A government call for evidence - which will help shape an update to the Violence Against Women and Girls strategy - is in its final few weeks.

North East Herts MP Sir Oliver Heald is calling on constituents to share their experiences.

The government is has launched a nationwide 'call for evidence' in order to ensure that those who have lived through experiences of abuse and violence, and the views of members of the public are at the heart of plans to stop these harmful crimes.

He said: "I know it takes a lot of courage for those who have experienced violence and abuse to come forward, but this information is vital in tackling acts of gender-based violence.

“The government’s strategy needs to reflect the views and experiences of those who have been directly and indirectly affected, in order to stop these harmful and often hidden crimes happening in our society.

“With one month to go until the call for evidence closes, I hope that my constituents will help us to create a strategy to tackle crimes against women and girls in the 21st century.”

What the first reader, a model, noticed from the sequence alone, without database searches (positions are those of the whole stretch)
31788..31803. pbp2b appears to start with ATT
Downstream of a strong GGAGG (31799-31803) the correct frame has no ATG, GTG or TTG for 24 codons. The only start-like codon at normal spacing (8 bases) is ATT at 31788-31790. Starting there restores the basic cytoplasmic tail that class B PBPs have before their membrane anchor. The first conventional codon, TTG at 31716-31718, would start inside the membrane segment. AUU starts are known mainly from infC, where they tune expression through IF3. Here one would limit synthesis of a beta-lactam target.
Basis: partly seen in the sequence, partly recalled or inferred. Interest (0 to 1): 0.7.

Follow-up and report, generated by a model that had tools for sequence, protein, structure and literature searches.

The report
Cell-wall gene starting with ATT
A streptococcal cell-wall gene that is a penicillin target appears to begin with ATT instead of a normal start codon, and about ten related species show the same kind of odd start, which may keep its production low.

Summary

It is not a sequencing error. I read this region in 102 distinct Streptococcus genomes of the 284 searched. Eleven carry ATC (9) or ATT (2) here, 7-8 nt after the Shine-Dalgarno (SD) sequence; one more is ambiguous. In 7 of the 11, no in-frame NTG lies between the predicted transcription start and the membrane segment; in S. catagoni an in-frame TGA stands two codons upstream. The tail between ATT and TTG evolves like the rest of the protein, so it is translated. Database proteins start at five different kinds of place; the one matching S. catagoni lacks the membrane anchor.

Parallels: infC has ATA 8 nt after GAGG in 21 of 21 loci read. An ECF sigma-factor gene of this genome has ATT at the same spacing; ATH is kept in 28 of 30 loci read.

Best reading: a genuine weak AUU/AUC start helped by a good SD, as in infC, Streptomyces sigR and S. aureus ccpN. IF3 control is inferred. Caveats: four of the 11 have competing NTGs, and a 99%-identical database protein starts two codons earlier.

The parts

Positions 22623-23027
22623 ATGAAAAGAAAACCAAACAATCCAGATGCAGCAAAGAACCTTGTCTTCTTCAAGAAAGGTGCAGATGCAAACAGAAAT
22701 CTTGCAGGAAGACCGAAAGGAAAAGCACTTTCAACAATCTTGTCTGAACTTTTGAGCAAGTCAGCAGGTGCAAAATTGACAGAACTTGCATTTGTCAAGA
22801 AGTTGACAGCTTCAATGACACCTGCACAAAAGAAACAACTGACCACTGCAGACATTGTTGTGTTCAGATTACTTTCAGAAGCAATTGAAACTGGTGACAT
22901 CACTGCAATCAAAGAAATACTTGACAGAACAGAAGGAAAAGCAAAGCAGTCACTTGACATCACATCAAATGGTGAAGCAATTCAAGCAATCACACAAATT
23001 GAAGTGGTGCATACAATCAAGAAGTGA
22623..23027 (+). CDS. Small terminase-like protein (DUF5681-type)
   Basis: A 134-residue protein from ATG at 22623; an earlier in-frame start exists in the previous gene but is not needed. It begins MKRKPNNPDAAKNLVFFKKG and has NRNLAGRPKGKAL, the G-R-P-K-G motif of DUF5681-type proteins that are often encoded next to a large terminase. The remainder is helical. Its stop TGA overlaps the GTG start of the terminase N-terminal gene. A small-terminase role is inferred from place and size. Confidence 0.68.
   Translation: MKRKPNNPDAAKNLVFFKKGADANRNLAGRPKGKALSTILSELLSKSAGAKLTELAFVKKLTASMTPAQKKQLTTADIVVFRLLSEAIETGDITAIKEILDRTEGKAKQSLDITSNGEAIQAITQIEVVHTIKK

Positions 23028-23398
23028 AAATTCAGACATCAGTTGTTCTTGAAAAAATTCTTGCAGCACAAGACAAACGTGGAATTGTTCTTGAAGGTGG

The government has recently strengthened the law on crimes such as stalking, forced marriage and female genital mutilation, but there is more to do.

There have already been many responses, shining a sobering light on the prevalence of gender-based violence in our society.

The survey anonymous, and welcomes responses from frontline professionals and academics, victims and survivors, their families and friends and members of the public.

The coronavirus lockdowns saw an increase in calls for help regarding domestic abuse.

Last month, both the Comet and Crow ran a series of articles shining a spotlight on the issue, which revealed there was a 90 per cent increase in the number of Survivors Against Domestic Abuse service users during the first national lockdown

You can participate in the call for evidence by completing the public survey at https://ipsos.uk/VAWGsurvey.

The call to evidence runs until Friday, February 19.